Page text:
It is a short read of only 256 pages centered around three cultural anthropologists in the 1930's. The author was heavily inspired by my favorite, Margaret Mead, and her associates like Franz Boaz and Ruth Benedict. This book brought me back to why I chose anthropology and the rush of discovering a new way to live. The ending is sad and tragic but I feel like the author was really telling the reader about consequences, life, and the choices we make. Morality is something that did lack in the book with an affair and other ethical breeches; however consequences abounded. I could almost feel the humidity of Papua New Guinea. I could almost feel the pain of the man left alone at the end to face his own mortality and past decisions.
The Book of Life is a pure frivolous read about magic, adventure, and lots of swashbuckling. There is some fun genealogy thrown in as well as historical facts. I have not dived into the book as it is the last in the series, and I always hate the ending of a fun adventure. A Discovery of Witches is the first book in the series starting out slow but really developing the characters for a long detail rich story line. The characters are stock enough to be relatable but quirky enough to feel original. Plus, the sex is inside a marriage (in the second book, Shadow of Night) thanks to some clever plotting, and integrity is something that tends to be upheld as well as family loyalty. Like I mentioned, it's a fun read with no addition to your moral compass but the writing is properly adult which is nice since juvenile/pre-adult style is not really my fancy.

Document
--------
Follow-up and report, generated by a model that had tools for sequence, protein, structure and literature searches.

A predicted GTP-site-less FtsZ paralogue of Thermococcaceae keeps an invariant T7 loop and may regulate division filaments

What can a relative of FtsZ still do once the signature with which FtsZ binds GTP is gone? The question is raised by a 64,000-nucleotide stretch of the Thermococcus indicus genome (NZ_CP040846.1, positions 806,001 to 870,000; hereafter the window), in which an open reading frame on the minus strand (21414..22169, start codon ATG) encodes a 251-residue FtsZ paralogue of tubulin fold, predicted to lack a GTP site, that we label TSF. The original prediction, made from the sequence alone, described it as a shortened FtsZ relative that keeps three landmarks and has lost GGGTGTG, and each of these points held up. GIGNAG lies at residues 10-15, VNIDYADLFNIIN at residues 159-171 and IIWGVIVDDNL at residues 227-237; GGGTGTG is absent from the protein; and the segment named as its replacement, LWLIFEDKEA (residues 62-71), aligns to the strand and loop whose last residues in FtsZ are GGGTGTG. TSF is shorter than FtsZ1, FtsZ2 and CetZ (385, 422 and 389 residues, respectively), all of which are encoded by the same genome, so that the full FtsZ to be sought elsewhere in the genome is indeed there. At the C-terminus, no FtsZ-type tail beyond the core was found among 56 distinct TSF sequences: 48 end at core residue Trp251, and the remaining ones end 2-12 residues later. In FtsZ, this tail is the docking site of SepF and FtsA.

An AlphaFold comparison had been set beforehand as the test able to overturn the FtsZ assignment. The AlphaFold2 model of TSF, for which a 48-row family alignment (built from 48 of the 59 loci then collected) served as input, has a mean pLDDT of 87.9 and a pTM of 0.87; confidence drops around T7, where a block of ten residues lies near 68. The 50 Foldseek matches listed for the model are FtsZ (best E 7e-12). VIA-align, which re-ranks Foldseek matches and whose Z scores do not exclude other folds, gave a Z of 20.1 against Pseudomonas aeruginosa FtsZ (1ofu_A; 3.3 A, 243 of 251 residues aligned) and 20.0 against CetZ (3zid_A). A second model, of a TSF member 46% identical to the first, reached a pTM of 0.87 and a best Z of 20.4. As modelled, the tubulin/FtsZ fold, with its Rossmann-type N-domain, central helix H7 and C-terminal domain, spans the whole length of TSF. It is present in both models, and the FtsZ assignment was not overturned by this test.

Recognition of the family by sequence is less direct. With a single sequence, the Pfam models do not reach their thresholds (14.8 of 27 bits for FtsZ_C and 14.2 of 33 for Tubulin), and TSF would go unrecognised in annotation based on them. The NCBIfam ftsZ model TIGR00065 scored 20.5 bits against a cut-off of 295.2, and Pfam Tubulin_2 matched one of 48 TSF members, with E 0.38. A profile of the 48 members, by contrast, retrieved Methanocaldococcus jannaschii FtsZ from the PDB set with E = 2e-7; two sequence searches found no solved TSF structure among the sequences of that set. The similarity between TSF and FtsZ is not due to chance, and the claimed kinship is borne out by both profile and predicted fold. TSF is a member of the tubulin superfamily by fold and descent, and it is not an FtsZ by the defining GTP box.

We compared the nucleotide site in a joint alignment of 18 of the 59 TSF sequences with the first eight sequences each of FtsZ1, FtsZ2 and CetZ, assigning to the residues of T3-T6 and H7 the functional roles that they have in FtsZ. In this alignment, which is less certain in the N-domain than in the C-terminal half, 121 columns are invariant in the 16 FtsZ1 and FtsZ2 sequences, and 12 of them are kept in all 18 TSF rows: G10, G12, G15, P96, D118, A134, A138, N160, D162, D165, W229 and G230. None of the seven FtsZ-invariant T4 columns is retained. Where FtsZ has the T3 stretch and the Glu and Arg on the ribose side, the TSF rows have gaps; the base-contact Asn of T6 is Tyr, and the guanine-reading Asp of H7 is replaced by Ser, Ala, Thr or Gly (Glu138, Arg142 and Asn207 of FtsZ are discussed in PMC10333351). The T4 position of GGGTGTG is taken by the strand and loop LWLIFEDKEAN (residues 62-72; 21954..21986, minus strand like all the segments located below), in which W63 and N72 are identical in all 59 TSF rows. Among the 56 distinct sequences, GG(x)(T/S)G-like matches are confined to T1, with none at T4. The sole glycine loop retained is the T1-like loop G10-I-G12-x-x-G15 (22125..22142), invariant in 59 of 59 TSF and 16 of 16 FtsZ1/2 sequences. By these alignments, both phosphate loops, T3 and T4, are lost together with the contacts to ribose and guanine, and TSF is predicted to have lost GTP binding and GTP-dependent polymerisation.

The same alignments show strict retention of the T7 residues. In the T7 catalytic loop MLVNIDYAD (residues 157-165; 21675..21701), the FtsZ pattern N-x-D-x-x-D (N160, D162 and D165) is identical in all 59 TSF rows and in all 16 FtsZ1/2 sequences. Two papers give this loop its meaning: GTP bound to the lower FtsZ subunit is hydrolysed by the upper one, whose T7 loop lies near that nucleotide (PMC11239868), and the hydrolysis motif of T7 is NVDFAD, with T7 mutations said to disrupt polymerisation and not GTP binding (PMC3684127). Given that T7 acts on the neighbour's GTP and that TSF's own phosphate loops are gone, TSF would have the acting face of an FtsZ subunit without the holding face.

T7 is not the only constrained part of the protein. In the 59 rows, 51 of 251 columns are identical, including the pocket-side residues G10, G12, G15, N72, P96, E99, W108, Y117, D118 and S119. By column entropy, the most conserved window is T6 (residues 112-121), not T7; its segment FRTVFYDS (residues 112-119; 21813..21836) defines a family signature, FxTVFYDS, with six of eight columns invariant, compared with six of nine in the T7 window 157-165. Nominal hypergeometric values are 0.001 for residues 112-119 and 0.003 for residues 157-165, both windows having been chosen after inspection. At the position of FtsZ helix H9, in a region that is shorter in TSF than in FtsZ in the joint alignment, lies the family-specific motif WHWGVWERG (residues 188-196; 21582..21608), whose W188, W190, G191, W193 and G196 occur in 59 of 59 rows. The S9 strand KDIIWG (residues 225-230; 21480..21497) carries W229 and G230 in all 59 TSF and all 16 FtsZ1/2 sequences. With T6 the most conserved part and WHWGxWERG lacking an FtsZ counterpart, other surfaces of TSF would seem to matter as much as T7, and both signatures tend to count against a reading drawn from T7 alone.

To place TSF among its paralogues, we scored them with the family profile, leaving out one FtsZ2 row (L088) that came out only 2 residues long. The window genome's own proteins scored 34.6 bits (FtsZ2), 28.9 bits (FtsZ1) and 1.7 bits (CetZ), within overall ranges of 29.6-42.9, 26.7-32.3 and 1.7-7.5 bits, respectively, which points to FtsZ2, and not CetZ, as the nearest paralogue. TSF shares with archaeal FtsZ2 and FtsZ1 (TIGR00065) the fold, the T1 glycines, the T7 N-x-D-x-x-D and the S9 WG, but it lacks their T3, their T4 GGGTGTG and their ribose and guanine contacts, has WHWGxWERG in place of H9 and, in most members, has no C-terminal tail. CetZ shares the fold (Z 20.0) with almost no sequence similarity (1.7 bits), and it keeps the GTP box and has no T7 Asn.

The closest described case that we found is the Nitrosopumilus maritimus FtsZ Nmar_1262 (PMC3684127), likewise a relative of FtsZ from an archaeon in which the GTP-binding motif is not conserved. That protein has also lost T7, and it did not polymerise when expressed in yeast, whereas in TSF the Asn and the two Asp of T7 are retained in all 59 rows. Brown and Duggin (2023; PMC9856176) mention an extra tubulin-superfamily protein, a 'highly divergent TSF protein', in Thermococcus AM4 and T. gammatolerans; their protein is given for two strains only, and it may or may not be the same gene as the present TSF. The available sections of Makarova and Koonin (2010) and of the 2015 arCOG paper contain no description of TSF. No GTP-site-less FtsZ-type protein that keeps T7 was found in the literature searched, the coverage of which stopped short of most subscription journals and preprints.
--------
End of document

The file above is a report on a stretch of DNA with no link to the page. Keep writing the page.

Other authors I have enjoyed for summer fun reading are:
Arturo Perez-Reverte ( The Club Dumas, The Seville Communion)
Jon Steele (The Watchers and Angel City)
C. J. Sansom (Matthew Shardlake novels)
Danielle Trussoni (Angelology and Angelopolis)